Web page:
By focusing on so many seemingly unconnected story lines of seemingly random people, the film really could have highlighted that everyone sees themselves as the protagonist of their own story. But also showing how our individual narratives are barely noticed by anyone else since they themselves are wrapped up in their own narrative. Each story given the same importance since no one person's story necessarily matters more than any other.

"Tell me again how your story matters as much as mine."

However, that's not really the goal of Love Actually since it isn't really smart enough, or more fairly, self aware enough to attempt such a bold philosophic stance. It's like its narrative structure promises more than the movie attempts.

But also because really, the issue is not really that the stories aren't thematically linked, because they are. More so than I gave credit for earlier. That thematic tie of all being about relationships around Christmas is actually a stronger one than previously implied. By me. Than previously implied by me. Past me was wrong to mislead you so and is very sorry about that.

Since Love Actually, despite all the corny syrup it piles on everything, has a tinge of creepiness and sadness to it that you can totally miss if you focus on Hugh Grant fumblingly accidentally flirting with his (not) fat secretary or Rowan Atkinson being the most Rowan Atkinson-y jewelry salesman ever. About half the stories are actually about break ups or the lack of romantic love.

Yeah... they don't get together.

In terms of creepiness, you have the two love triangles. The one everyone remembers is where Rick from Walking Dead is love with his best friend's girl but unlike the Cars' song I linked to, she didn't even used to be his. He's in love with her just because he saw her, thinks she's perfect because she's pretty, and that's it.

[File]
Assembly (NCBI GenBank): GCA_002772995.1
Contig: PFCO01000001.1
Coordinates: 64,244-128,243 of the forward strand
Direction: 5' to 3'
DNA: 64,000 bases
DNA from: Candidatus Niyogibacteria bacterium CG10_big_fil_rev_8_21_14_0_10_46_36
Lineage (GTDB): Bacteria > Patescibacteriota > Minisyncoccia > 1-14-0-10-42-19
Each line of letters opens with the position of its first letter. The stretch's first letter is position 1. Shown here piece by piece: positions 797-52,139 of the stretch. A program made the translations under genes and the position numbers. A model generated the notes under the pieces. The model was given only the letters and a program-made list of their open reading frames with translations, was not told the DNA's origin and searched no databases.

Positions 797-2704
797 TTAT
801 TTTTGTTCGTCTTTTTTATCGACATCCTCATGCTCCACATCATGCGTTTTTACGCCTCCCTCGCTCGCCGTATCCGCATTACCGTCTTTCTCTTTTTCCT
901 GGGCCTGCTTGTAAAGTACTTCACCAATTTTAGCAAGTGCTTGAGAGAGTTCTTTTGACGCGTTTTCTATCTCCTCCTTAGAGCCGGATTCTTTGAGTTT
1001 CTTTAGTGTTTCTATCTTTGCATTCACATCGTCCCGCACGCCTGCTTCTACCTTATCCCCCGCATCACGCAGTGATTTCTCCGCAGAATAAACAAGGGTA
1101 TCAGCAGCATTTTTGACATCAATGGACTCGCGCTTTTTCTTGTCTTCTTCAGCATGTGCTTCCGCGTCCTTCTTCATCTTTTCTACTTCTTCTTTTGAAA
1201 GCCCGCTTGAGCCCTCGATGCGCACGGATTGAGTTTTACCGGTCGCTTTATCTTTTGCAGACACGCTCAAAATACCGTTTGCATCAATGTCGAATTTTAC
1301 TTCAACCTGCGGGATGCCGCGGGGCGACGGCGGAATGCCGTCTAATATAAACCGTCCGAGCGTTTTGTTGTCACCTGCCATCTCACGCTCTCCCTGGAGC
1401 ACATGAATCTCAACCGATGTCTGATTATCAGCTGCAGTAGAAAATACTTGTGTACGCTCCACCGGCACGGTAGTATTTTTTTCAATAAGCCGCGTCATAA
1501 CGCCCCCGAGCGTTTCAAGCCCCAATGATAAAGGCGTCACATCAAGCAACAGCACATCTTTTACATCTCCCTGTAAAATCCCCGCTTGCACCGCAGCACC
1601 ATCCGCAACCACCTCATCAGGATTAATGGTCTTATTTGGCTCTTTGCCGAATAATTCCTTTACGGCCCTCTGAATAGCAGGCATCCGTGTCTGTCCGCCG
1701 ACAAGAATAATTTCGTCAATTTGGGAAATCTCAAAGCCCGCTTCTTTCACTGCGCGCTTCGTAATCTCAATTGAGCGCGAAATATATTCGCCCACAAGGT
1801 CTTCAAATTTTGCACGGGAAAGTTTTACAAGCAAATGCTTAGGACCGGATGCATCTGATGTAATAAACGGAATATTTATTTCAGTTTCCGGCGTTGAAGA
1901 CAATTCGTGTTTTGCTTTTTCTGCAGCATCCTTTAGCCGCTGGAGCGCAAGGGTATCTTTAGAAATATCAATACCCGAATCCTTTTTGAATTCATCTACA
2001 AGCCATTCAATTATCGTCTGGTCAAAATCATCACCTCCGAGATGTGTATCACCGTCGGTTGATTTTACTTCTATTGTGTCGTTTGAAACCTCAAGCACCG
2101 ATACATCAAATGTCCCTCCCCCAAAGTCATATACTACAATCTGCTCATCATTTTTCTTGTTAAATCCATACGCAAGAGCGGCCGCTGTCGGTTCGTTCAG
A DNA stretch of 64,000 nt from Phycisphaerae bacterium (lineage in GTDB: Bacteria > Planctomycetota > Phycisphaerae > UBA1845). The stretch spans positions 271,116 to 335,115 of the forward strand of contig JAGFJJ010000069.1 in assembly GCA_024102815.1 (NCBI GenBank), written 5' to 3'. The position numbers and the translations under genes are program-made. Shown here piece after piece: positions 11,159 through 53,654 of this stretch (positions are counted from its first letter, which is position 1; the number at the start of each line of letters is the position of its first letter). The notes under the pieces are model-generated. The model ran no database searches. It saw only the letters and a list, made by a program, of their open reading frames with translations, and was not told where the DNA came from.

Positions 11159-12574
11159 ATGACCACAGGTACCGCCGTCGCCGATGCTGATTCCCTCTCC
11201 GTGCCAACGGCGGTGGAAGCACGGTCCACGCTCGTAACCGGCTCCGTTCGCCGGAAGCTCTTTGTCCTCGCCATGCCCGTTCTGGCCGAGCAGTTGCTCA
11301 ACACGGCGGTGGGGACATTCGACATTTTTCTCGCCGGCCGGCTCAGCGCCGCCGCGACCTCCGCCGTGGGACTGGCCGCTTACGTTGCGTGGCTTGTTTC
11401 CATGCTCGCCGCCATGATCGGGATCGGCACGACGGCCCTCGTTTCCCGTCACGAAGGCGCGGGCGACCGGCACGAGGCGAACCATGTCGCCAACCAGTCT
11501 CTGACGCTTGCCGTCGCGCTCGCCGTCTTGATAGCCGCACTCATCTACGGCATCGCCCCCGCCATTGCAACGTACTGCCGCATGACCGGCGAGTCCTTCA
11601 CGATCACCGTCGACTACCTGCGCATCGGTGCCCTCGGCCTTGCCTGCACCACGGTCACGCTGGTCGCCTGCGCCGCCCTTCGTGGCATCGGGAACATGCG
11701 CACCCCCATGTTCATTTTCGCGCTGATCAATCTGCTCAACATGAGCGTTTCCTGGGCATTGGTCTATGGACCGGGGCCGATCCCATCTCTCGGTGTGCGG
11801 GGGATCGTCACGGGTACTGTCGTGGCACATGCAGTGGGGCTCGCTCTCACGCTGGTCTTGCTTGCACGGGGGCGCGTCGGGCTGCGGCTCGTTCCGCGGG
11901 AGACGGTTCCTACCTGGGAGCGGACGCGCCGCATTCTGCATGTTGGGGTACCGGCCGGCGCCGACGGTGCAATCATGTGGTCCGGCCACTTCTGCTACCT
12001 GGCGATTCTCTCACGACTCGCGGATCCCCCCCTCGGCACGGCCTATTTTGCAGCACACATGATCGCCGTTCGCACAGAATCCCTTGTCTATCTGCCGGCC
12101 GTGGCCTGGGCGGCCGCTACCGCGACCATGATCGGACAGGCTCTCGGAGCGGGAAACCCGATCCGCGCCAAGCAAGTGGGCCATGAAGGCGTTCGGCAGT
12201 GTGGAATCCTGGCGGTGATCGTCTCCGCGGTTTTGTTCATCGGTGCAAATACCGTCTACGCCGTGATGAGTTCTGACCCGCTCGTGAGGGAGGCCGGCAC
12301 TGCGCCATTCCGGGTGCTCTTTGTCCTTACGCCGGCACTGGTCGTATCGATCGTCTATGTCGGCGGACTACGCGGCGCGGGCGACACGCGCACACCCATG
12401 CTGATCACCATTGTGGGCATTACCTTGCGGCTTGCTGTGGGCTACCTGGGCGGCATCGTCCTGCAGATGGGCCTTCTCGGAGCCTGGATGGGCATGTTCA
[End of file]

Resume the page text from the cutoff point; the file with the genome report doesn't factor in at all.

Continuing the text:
Kiera Knightly's character even says to him that they haven't even really spoken to each other and she thought that he didn't like her. So, he's not even in love with her since he doesn't really know her, but just likes the way she Kiera Knightly's I guess? Then there's the infamous "sign scene" where he declares his love to her with cue cards while he pretends to be a group of carol singers so his best friend (her husband) who is in the house doesn't come to see.

He declares his love to her, while his best friend (again, her husband) is within earshot... that's just assdickery of another level. Like seriously, that is horrible. What a terrible, terrible friend. Yes, I hear the hordes of people who think this scene is cute or romantic say, "But the whole point is that he is not gonna act on those feelings, he's just expressing them to let her know and that's what great about it".

Yep, don't see anything inappropriate here.
People declare their undying love to their best friend's wives all the time.

And yes, he does say "enough" when she pity-kisses him but the fact is, he shouldn't have done the cards or let her know in the first place since he harboured those feelings the whole time his best friend was dating her without saying anything. As soon as he realised, "Oh, hold on, I'm infatuated with my best friend's girl", he should have killed those feelings immediately, not silently hold on to them and secretly lusting over her.